Healthy living

Balancing housework and baby

It is often recommended that new parents pretty much forget about housework for the first few weeks after their baby is born. After all, it is important you are well rested and able to spend time with your baby, adjusting to a new way of life.

But eventually housework needs to become part of daily life again. The difficulty is in working out how.

Try asking yourself these questions:

  • What jobs do you find easier to do when baby is asleep? These might be quiet jobs (like folding laundry) or jobs that take a long time or more concentration (preparing dinner).
  • Are there any jobs that need to be done while baby is awake – for example, things that might wake baby up (like vacuuming)?
  • When you need two hands, where can you put the baby when he is awake? Do you have a baby sling? Is baby happy in the cot or pram for a few minutes? Can someone else look after him?
  • What jobs would you feel comfortable asking someone else to do? Who would you feel comfortable asking for help? Perhaps mum-in-law could wash dishes rather than scrub the toilet?
  • What can you do if things get out of control? This might mean asking for help, taking time out, writing a list of priority tasks or calling someone to talk.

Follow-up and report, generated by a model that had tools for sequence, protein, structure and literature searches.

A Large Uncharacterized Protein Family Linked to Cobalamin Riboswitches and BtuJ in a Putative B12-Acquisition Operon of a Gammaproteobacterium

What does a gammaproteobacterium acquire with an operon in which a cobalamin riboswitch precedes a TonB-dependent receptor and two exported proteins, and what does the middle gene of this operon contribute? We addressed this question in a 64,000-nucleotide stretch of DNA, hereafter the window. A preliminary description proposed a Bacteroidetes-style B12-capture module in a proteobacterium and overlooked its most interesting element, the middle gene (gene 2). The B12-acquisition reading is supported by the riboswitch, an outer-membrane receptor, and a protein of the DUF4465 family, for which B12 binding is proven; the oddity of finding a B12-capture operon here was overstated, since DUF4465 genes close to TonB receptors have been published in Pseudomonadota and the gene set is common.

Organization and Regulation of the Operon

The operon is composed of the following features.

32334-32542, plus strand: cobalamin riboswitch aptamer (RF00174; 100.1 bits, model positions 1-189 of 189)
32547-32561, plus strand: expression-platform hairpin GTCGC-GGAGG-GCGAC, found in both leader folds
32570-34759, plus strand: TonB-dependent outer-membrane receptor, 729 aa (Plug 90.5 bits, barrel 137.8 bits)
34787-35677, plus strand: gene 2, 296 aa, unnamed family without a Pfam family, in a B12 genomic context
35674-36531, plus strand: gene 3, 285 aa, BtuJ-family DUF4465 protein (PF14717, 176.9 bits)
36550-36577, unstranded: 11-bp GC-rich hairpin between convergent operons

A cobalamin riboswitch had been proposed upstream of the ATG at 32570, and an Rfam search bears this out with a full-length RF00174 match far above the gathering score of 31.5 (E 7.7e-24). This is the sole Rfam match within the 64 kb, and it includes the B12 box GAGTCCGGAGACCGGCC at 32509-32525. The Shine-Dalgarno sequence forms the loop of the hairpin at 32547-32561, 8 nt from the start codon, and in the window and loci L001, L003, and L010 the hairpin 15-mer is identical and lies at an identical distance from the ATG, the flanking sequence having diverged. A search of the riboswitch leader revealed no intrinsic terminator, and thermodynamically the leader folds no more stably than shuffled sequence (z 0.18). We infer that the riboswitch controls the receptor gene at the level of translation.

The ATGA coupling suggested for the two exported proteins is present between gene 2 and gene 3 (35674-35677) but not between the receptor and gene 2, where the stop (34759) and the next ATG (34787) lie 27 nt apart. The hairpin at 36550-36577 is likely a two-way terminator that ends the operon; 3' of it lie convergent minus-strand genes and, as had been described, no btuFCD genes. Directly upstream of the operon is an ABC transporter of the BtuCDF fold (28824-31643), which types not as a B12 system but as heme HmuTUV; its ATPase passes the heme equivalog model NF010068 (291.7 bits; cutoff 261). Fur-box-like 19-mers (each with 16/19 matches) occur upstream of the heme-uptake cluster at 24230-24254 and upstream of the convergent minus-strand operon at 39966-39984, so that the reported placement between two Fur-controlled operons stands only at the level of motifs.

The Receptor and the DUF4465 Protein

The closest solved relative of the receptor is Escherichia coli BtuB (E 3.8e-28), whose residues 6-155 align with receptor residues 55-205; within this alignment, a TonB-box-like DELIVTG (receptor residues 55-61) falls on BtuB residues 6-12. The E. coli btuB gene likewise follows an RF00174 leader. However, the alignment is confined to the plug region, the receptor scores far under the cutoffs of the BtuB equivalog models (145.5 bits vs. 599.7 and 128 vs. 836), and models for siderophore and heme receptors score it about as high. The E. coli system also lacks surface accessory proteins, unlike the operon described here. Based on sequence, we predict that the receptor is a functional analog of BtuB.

You might like to use a timer – set it for 20 minutes and when the timer stops, so can you. Giving yourself a clear end-point might help motivate you to get as much done as possible in a short period of time!

Using the worksheet below write down possible ways to find a balance between caring for your baby and housework. You can review the worksheet as your baby gets older. When her sleep patterns change, you will need to change your strategies for household management.

Download the balancing housework and baby worksheet (Word 47KB) or (PDF 36KB).

Most importantly, remember to find time to rest. Just because your baby is asleep, it doesn’t mean that housework needs to be done. Allow yourself a little ‘me time’ too.


Acknowledgements
Women and Newborns Health Service

This publication is provided for education and information purposes only. It is not a substitute for professional medical care. Information about a therapy, service, product or treatment does not imply endorsement and is not intended to replace advice from your healthcare professional. Readers should note that over time currency and completeness of the information may change. All users should seek advice from a qualified healthcare professional for a diagnosis and answers to their medical questions.

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